Sort of like a safety deposit box that is so intricate that only 1 single key can open it. The safety deposit box cannot be broken into or damaged and only one unique key works for the lock.
Ok…but why go through the trouble? Why not just stick with physically tangible, straightforward dollars and cents?
Why would you trade real money for a virtual money? How is it even worth anything?
Completely valid questions and ones that I get often.
Imagine you’re feeling a little hungry one afternoon and head to the kitchen to make yourself a quick lunch. You look in your refrigerator and realize you don’t have anything to eat. Hate when that happens. Time to go to the store.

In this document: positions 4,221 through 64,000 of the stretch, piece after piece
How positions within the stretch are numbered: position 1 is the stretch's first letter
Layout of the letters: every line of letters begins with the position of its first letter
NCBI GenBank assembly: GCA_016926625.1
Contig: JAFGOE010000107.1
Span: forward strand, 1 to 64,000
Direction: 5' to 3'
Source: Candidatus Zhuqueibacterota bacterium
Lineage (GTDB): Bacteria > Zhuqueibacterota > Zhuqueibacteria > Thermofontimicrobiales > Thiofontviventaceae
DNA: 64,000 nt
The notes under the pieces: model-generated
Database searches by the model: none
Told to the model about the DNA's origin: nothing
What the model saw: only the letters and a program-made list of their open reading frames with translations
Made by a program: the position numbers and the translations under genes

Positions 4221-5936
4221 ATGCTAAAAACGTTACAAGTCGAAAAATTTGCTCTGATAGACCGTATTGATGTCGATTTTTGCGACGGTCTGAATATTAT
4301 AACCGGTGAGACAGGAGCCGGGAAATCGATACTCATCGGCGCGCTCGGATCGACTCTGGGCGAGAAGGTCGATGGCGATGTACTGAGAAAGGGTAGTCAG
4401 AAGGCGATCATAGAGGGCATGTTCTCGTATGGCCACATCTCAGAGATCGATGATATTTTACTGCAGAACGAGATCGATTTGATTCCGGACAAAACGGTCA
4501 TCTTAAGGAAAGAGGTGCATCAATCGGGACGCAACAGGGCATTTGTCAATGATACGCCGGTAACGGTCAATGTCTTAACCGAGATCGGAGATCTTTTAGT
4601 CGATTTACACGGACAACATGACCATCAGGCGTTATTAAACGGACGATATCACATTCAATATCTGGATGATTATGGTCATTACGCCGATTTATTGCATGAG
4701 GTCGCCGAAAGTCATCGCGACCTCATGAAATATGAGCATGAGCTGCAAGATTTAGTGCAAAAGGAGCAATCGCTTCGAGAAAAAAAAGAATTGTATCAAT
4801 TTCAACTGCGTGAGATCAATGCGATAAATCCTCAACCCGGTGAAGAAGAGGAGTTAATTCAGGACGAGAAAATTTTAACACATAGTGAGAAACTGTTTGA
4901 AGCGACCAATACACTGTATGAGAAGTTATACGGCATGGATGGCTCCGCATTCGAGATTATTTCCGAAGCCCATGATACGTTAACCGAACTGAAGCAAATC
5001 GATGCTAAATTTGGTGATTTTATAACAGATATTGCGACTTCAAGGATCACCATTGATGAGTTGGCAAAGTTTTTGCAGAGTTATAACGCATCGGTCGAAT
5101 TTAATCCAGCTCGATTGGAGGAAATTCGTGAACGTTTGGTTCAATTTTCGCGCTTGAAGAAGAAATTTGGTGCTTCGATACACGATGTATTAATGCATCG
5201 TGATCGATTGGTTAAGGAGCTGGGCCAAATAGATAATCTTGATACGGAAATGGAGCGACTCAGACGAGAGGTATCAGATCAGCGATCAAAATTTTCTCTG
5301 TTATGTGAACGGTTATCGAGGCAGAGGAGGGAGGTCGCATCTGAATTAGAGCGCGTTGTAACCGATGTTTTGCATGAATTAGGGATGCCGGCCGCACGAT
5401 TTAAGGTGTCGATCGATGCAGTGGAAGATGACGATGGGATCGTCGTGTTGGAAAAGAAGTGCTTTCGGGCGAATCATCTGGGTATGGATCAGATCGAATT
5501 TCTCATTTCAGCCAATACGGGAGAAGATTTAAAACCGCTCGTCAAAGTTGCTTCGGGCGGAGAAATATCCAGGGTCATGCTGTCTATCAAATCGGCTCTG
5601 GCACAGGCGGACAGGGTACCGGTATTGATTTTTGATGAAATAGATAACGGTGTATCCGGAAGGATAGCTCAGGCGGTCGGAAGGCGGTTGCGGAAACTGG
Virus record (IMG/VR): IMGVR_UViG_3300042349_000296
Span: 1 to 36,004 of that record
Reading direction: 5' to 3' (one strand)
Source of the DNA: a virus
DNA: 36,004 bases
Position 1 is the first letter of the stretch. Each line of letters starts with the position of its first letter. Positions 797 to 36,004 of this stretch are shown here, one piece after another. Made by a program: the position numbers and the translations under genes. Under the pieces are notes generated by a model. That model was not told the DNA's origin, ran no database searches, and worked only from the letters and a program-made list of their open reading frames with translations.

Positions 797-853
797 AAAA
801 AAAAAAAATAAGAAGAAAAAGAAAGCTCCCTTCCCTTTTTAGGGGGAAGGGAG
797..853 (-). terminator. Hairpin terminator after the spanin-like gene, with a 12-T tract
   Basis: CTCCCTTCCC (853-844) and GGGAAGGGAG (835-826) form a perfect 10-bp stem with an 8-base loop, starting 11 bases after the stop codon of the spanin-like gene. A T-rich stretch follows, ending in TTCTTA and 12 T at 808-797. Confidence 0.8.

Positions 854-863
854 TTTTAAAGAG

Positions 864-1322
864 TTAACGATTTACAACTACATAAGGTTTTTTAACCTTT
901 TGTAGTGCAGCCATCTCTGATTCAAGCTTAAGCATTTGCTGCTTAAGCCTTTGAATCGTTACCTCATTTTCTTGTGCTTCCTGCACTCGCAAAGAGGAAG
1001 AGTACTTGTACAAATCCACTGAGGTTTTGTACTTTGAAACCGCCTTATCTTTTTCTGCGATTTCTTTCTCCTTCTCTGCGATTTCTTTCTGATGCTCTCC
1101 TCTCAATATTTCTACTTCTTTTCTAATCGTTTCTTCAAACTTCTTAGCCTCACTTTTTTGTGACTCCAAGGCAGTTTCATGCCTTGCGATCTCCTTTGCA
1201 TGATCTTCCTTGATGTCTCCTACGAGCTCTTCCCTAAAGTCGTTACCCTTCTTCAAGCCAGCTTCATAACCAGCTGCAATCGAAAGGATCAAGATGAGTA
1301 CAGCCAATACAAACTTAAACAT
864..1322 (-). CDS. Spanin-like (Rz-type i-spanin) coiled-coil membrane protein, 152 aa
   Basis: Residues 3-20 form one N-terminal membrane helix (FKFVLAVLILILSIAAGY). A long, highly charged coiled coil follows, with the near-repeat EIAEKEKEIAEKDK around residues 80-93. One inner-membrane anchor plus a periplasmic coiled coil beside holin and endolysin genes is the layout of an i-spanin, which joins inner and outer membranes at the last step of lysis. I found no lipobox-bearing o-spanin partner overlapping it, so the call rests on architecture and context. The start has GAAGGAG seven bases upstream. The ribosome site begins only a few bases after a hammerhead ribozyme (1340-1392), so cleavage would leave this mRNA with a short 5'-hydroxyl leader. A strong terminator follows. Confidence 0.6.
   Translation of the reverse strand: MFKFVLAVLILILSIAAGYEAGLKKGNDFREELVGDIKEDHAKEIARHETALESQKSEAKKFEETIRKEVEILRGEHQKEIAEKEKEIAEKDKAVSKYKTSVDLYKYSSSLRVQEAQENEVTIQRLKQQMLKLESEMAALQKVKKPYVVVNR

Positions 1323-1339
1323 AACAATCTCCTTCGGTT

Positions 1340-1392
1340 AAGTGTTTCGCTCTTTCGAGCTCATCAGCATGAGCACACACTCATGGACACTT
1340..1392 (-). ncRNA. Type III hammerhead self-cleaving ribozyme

You arrive at the store and get a few things to eat and go to the register. You hand the cashier your $20 bill, she accepts it without question, and she gives you back your change.
You’ve probably never asked yourself — “why did she accept my money?”
Because the government at one point established that paper money is “legal tender for all debts, public & private”. Says so right on the bill. The government backed your money and said it has value. You place your faith in the government and they manage this system for you.
Other than that — cash is only as valuable as the effort it took to make it, distribute it and secure it.
Bitcoin operates in the same fashion. A network of people put some level of effort in to create, distribute and secure the currency. Individuals accept Bitcoin so that you can buy real goods (food, water, etc.) and have faith that the currency holds some value. That value is intrinsic as we all take place in it.